2010 Africa Cup of Nations
|Taça de África das Nações de 2010|
Africa Cup of Nations 2010 official logo
|Teams||15 (from 1 confederation)|
|Venue(s)||4 (in 4 host cities)|
|Champions||Egypt (7th title)|
|Goals scored||71 (2.45 per match)|
|Attendance||543,500 (18,741 per match)|
|Top scorer(s)||Gedo (5 goals)|
|Best player(s)||Ahmed Hassan|
|Best goalkeeper||Essam El-Hadary|
The 2010 Africa Cup of Nations, also known as the Orange Africa Cup of Nations for sponsorship reasons, was the 27th Africa Cup of Nations, the biennial football championship of Africa (CAF). It was held in Angola, where it began on 10 January 2010 and concluded on 31 January.
In the tournament, the hosts Angola were to be joined by 15 nations who advanced from the qualification process that began in October 2007 and involved 53 African national teams. The withdrawal of Togo after a terrorist attack on their bus upon arriving for the tournament reduced the number of participating nations to 15. A total of 29 games were played, instead of the scheduled 32 games. Egypt won the tournament, their seventh ACN title and an unprecedented third in a row, beating Ghana 1–0 in the final.
- 1 Host selection
- 2 Qualification
- 3 Venues
- 4 Draw
- 5 Match officials
- 6 Squads
- 7 Group stage
- 8 Knockout stage
- 9 Awards
- 10 Goalscorers
- 11 Statistics
- 12 Mascot
- 13 Match ball
- 14 Marketing
- 15 Attack on the Togo national team
- 16 References
- 17 External links
- Gabon / Equatorial Guinea
Rejected Bids :
- Benin / Central African Republic
On 4 September 2006, the Confederation of African Football (CAF) approved a compromise between rival countries to host the Africa Cup of Nations after it ruled out Nigeria. CAF agreed to award the next three editions from 2010 to Angola, Equatorial Guinea, Gabon and Libya respectively. They assigned Angola in 2010, Equatorial Guinea and Gabon, which submitted a joint bid in 2012, and Libya for 2014.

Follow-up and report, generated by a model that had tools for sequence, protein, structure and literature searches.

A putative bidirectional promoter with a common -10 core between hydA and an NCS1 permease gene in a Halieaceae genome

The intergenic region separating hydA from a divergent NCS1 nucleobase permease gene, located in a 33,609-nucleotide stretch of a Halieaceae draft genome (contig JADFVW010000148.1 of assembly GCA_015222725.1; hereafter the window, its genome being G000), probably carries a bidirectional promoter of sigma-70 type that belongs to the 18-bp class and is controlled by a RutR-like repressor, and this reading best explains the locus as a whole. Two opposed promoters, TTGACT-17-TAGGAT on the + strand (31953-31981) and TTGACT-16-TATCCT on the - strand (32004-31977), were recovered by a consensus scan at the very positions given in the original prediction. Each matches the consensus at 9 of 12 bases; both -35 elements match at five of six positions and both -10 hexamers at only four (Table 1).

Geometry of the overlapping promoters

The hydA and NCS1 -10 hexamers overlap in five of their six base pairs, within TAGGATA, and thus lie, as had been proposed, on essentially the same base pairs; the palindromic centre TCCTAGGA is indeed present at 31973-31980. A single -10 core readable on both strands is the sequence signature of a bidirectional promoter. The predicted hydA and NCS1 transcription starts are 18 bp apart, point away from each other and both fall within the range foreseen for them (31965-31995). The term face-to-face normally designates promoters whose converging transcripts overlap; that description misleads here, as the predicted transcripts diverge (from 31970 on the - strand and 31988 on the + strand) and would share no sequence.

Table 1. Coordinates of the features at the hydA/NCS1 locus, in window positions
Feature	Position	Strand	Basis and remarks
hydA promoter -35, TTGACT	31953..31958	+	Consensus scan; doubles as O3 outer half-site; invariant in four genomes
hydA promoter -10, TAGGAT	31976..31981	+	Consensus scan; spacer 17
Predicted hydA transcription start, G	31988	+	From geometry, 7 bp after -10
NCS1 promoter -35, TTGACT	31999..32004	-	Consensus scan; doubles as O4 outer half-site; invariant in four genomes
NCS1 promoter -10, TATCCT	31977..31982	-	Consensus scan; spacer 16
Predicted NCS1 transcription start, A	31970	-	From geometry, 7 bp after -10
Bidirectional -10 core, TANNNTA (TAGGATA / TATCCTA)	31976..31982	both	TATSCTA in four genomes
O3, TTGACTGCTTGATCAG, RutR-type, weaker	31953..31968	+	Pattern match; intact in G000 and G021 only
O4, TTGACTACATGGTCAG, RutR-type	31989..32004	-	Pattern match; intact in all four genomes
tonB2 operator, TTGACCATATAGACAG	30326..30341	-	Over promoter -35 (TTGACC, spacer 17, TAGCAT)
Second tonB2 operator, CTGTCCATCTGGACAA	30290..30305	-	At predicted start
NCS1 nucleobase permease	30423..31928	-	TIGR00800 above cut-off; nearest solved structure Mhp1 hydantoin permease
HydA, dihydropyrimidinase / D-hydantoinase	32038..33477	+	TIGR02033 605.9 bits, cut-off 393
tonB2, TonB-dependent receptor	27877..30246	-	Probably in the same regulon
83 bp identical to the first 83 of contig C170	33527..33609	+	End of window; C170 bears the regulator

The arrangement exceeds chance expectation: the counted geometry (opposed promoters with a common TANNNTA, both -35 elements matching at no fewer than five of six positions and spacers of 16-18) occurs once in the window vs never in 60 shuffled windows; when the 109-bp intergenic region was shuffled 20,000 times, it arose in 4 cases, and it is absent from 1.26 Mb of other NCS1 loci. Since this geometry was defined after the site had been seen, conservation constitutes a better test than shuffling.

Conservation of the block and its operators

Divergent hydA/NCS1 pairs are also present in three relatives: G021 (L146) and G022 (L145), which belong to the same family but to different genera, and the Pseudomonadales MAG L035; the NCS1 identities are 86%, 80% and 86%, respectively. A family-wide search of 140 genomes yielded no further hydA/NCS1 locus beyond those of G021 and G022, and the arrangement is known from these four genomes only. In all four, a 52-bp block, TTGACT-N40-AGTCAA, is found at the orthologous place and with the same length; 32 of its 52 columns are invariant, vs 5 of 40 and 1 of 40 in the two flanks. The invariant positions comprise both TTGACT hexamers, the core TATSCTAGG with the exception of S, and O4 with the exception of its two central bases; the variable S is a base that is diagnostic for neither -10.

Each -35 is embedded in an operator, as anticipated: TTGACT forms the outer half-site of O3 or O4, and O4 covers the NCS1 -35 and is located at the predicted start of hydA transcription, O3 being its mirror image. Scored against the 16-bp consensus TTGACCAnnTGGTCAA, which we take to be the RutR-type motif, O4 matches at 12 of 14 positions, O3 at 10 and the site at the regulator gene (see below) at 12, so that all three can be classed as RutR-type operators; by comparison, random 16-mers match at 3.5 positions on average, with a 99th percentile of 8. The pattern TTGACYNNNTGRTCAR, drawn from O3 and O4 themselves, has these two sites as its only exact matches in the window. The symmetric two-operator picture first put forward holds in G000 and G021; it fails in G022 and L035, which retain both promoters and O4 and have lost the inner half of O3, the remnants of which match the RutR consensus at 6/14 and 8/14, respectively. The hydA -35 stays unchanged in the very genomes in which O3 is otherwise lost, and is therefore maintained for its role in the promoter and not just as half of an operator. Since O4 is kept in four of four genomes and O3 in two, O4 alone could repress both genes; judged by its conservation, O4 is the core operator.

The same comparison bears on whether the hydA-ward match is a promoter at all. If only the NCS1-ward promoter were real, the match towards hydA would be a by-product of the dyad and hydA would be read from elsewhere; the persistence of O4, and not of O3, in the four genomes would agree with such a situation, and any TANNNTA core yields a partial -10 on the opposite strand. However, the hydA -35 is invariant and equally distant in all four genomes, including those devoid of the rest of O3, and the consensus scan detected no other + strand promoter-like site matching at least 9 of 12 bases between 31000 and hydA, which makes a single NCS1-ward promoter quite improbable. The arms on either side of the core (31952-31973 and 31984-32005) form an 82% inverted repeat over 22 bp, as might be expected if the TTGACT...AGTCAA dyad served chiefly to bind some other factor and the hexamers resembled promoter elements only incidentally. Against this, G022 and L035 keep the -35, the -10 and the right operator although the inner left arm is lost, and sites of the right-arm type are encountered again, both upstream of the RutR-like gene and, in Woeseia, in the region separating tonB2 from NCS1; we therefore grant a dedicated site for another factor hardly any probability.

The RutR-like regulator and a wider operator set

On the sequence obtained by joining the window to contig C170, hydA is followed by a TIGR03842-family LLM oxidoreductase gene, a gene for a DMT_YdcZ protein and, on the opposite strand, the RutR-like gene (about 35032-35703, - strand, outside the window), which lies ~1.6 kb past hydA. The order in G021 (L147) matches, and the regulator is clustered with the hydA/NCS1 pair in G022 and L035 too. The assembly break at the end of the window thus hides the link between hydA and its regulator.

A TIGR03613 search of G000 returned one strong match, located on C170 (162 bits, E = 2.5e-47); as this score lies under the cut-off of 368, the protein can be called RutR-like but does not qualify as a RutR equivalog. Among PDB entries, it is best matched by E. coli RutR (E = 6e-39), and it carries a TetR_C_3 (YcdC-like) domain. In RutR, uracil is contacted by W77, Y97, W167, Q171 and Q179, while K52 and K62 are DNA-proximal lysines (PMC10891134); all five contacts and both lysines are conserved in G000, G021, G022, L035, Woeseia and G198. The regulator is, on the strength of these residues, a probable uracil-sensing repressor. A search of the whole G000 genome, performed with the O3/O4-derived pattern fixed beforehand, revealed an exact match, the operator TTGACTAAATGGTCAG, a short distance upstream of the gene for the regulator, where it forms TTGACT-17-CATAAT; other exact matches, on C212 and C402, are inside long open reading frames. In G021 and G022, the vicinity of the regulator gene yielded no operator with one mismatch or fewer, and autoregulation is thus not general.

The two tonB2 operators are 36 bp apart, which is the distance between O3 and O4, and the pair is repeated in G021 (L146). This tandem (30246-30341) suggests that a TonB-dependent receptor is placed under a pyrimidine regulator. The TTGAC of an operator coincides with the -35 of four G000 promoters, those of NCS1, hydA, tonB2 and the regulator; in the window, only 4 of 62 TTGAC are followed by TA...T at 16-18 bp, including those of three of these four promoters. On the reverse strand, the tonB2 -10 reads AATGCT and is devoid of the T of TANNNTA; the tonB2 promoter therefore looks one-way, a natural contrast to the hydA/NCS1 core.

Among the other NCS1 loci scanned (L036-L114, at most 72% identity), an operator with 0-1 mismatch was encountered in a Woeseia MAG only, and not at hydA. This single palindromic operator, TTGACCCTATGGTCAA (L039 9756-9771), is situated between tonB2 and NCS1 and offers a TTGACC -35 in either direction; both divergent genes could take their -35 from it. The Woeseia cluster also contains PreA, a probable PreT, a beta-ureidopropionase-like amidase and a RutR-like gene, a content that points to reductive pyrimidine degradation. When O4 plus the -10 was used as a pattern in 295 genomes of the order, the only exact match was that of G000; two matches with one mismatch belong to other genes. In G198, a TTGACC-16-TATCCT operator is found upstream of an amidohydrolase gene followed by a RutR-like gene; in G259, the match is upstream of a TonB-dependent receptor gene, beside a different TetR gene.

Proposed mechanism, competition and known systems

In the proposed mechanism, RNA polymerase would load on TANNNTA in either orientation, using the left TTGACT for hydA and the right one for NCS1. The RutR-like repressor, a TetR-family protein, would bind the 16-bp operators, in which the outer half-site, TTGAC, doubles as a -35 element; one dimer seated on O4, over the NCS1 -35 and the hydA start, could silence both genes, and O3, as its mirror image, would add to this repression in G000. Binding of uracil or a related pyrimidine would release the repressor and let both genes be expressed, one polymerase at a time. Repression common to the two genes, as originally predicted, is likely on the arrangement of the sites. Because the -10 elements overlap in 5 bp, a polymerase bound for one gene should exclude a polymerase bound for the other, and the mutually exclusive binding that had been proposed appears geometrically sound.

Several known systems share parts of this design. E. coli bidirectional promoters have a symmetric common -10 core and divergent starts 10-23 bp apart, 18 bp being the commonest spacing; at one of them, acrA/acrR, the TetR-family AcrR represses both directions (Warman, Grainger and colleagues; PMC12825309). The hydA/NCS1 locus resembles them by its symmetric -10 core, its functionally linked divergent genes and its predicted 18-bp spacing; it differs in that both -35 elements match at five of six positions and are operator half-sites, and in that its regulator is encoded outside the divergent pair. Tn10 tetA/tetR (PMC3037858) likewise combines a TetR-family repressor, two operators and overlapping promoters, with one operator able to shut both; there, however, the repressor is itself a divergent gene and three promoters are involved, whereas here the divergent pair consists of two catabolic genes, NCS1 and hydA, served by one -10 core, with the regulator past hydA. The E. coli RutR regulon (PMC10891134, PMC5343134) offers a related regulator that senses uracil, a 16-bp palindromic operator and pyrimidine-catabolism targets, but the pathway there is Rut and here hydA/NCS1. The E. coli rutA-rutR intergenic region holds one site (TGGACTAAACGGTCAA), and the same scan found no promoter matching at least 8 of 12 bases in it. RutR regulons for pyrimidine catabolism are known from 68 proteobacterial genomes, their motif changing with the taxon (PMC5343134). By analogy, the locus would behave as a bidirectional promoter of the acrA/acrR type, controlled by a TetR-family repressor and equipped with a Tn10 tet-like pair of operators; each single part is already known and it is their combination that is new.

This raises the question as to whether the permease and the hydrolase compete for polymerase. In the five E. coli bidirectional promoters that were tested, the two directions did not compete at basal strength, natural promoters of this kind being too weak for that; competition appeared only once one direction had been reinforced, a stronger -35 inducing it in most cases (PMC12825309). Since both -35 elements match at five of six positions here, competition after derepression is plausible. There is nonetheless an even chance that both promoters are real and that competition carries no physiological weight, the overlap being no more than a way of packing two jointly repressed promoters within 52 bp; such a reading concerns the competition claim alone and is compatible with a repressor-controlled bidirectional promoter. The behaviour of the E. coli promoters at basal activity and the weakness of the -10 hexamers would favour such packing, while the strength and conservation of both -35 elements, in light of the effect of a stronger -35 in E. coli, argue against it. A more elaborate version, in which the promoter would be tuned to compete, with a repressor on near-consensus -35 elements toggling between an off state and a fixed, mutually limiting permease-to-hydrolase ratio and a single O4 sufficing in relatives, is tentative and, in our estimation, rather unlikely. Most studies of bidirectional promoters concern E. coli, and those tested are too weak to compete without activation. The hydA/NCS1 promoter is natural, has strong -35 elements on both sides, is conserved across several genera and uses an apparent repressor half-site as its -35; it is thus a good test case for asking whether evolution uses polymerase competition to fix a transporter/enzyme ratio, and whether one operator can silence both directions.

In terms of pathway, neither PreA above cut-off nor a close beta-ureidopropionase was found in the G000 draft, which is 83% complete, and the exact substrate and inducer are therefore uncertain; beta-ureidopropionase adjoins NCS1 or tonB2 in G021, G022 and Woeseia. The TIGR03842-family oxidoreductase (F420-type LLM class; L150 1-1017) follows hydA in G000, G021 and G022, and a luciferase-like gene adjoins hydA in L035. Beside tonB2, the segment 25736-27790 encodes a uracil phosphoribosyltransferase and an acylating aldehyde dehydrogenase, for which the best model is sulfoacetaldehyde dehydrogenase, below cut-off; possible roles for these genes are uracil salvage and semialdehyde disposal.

This edition was awarded to Angola to encourage the country to move towards peace after the Angolan Civil War.
The Confederation of African Football announced that the 2010 FIFA World Cup qualification would also be the qualification for this tournament. Despite the fact Angola are the host of the 2010 Africa Cup of Nations, they also needed to participate in the 2010 FIFA World Cup qualification. A similar situation was true for South Africa. Although they will be the hosts for the 2010 FIFA World Cup, they still needed to compete in the qualification tournament in order to qualify for the 2010 Africa Cup of Nations.
- Angola (hosts)
- Burkina Faso
- Ivory Coast
- Togo (withdrew)
|Estádio 11 de Novembro||Estádio Nacional do Chiazi|
|Capacity: 50,000||Capacity: 20,000|
|Estádio Nacional de Ombaka||Estádio Nacional da Tundavala|
|Capacity: 35,000||Capacity: 20,000|
The draw for the final tournament took place on 20 November 2009 at the Talatona Convention Centre in Luanda, Angola. The 16 teams were split into four pots, with Pot 1 containing the top four seeded nations. Angola were seeded as hosts and Egypt as reigning holders. The remaining 14 teams were ranked based on their records in the three last editions of the competition. Cameroon and Côte d'Ivoire had the two strongest records and so completed the top seeded Pot 1. The four seeded teams were placed into their groups in advance of the final draw.
|Pot 1||Pot 2||Pot 3||Pot 4|
The following referees were chosen for the 2010 Africa Cup of Nations.
If two or more teams end the group stage with the same number of points, their ranking is determined by the following criteria: